and in this beautiful thing of a book
and next-but-not-next, because
                        it all takes place
                                    in the same breath
is to look for Leonard Cohen, he did it better, but only better,
            and by now, I'm giggling like Karen does
                        so much better than me
                                    and I feel good

I won't be your shield. These are chilly days for Tel Aviv.
River-running poems. Your Ken Koch poem--
so much better than the man you call out at the Station.

            Israel, the idea was to become holy.

Your book is an archeological mound.

Jay Greenspan is inside your name, tattooed, on the cover.

from here and forever, 
13 February 2019

Child-Sheltered Gold Mittens


Beautiful thing!
Dr. Williams riffs
breaking through
recall, one,
one of them
Beautiful thing!

Beautiful thing!
going over the Falls
by the old reform school
Beautiful, beautiful thing.

kernel of gold
slipped into Ketari’s
mitten last night
at the Shelter
under a foot of new snow

a year-and-a-half
Easter-bunny jammies
Mom and Grandma
seated on folded
bench table

Bashert from Zev

A silver dollar
slipped in
with new mittens
yarn from all colors
of the rainbow
into old canvas Army tent
a single string
of lights
chile and cornbread
after new snowfall
15 record inches
and cold hard love

Hard gold to love
Dr. Williams wrote
a mother’s milk

Beautiful thing!
Hard gold to love

So beautiful
this finding
this Zev-poem
this bashert
one’s destiny
and soulmate
this man walking
with a satchel
full of poems

I knew they were there
I did I knew it
I didn’t know
they were there for me
Didn’t know that
until tonight
tucking them
into the child’s
pocket of mittens

at the shelter
new mittens
gold and silver
plated yarn

Jim Bodeen
12 February 2019


Jypsy Roze, Get it, she says, I do outreach at the shelter. Can’t tell you where they’re at. We go out just after dark trying to get them to come in. Last few mornings it’s been 6 degrees. It’s cold, but in the three camps, there are survivalists, and they help others survive. I leave a bag of food
hung on the tree for the Ranger. He is a Ranger. He don’t want to be found. I write him notes.
He’s afraid to come in. He don’t want to be found yet. He writes notes. I write back. Last week he asked me my name. Jypsy Roze. Get it?

Jim Bodeen
12 February 2019

Time with the Immortals


      --Contemplation, too!
            Van Morrison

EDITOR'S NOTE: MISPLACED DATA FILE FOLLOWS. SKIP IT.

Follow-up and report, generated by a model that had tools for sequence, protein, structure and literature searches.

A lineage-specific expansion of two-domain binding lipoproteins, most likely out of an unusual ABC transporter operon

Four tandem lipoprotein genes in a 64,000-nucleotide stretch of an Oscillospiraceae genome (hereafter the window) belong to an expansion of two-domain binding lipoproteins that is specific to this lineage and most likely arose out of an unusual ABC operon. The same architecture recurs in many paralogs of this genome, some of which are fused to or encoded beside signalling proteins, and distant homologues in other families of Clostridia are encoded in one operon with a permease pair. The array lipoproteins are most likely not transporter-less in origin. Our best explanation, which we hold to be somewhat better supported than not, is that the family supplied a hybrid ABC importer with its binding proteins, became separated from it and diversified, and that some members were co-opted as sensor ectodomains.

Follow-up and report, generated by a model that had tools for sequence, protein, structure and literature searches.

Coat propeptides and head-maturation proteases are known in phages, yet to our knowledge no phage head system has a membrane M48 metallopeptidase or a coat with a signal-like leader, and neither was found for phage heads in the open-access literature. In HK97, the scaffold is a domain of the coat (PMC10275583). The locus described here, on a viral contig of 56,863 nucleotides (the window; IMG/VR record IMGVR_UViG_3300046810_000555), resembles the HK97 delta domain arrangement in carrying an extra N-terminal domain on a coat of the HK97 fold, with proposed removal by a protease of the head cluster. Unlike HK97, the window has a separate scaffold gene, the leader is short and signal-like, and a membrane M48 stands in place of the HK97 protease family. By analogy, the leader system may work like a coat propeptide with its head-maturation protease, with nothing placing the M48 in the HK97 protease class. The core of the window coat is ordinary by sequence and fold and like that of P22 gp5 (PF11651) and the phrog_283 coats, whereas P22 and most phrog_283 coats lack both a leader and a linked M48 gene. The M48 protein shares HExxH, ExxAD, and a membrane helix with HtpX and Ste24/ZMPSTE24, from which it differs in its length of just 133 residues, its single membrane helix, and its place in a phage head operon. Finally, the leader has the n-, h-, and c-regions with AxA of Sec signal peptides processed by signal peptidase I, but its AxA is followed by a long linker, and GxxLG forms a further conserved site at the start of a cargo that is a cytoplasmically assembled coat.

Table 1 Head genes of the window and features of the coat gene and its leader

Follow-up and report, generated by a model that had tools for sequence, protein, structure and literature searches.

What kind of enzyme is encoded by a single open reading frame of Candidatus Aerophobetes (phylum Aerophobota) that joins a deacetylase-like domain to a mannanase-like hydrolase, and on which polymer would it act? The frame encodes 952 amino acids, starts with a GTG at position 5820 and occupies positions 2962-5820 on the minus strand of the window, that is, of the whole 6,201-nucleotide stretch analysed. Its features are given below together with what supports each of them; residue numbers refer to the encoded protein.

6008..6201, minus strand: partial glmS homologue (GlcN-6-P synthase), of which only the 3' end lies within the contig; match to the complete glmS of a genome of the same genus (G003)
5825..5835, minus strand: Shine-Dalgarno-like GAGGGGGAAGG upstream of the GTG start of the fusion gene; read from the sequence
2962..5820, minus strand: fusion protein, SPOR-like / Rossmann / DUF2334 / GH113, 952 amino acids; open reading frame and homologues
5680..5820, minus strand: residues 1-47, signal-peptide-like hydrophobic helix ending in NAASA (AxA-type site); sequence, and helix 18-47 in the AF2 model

My old teacher, wondering about Keats,
asks for a hint. He's re-calling Spots of Time
for his daughter. I write from High Camp,
6000 feet in the Cascades, empty midweek,

except for Ski Patrol, kitchen workers.
Keats walks through Scotland, dreaming,
sleeping on benches with dirty blankets,
a sore throat, becoming immortal

in his 1000 days--Shelley's Adonais
raising him, Beautiful Lord. Sun
shines on my notebook, each mountain
a star for mortals--where Keats says,

I live in the eye. Book before me
at lunch: Czeslaw Milosz's Witness of Poetry:
Poetry intensifies what is present but veiled,
pulled from my shelf carried in backpack,

surprise choice chancing rebuke,
perhaps inspiration, on a cloudless day
after 5-day winter storm. Milosz
remembers Jan Kochinowski,

Poland's first great poet, complaining
for Cassandra, Why this torture--
Who when thou lent'st me power of prophecy,
Gav'st to my words no weight! My spirit

friend, Lars, feeds chickens
with world's left-over food!
Snow beauty covers Cassandra
with 500-year old verse--wounds

reaching back to Kochinowski,
forward to food-drunk and sated people
dumpster-stuffing what they can't consume.
Back on skis after soup, I turn

and duck under the boundary rope
into the wild--looking, not into mountains
offering glory, but to sublime
pristine cover of snow silence.

Skis maintain me where I could not
but sink. The old professor cautions,
half-created, half-perceived, Wordsworth
too, out of bounds with the immortals.

Jim Bodeen
8 February 2019

Storypath/Cuentocamino: : "Believe What You Eat"

Storypath/Cuentocamino: : "Believe What You Eat": ONE WHEEL MANY SPOKES FARM WE COULD TURN THIS, IF WE WOULD             --Suite for Lars Clausen TRAVELING ON 97 ...

Telling Stories


            --for V. T.

You're telling stories now, my friend.
You're telling stories about our friend.
How well you tell them with your pictures.

29 January 2019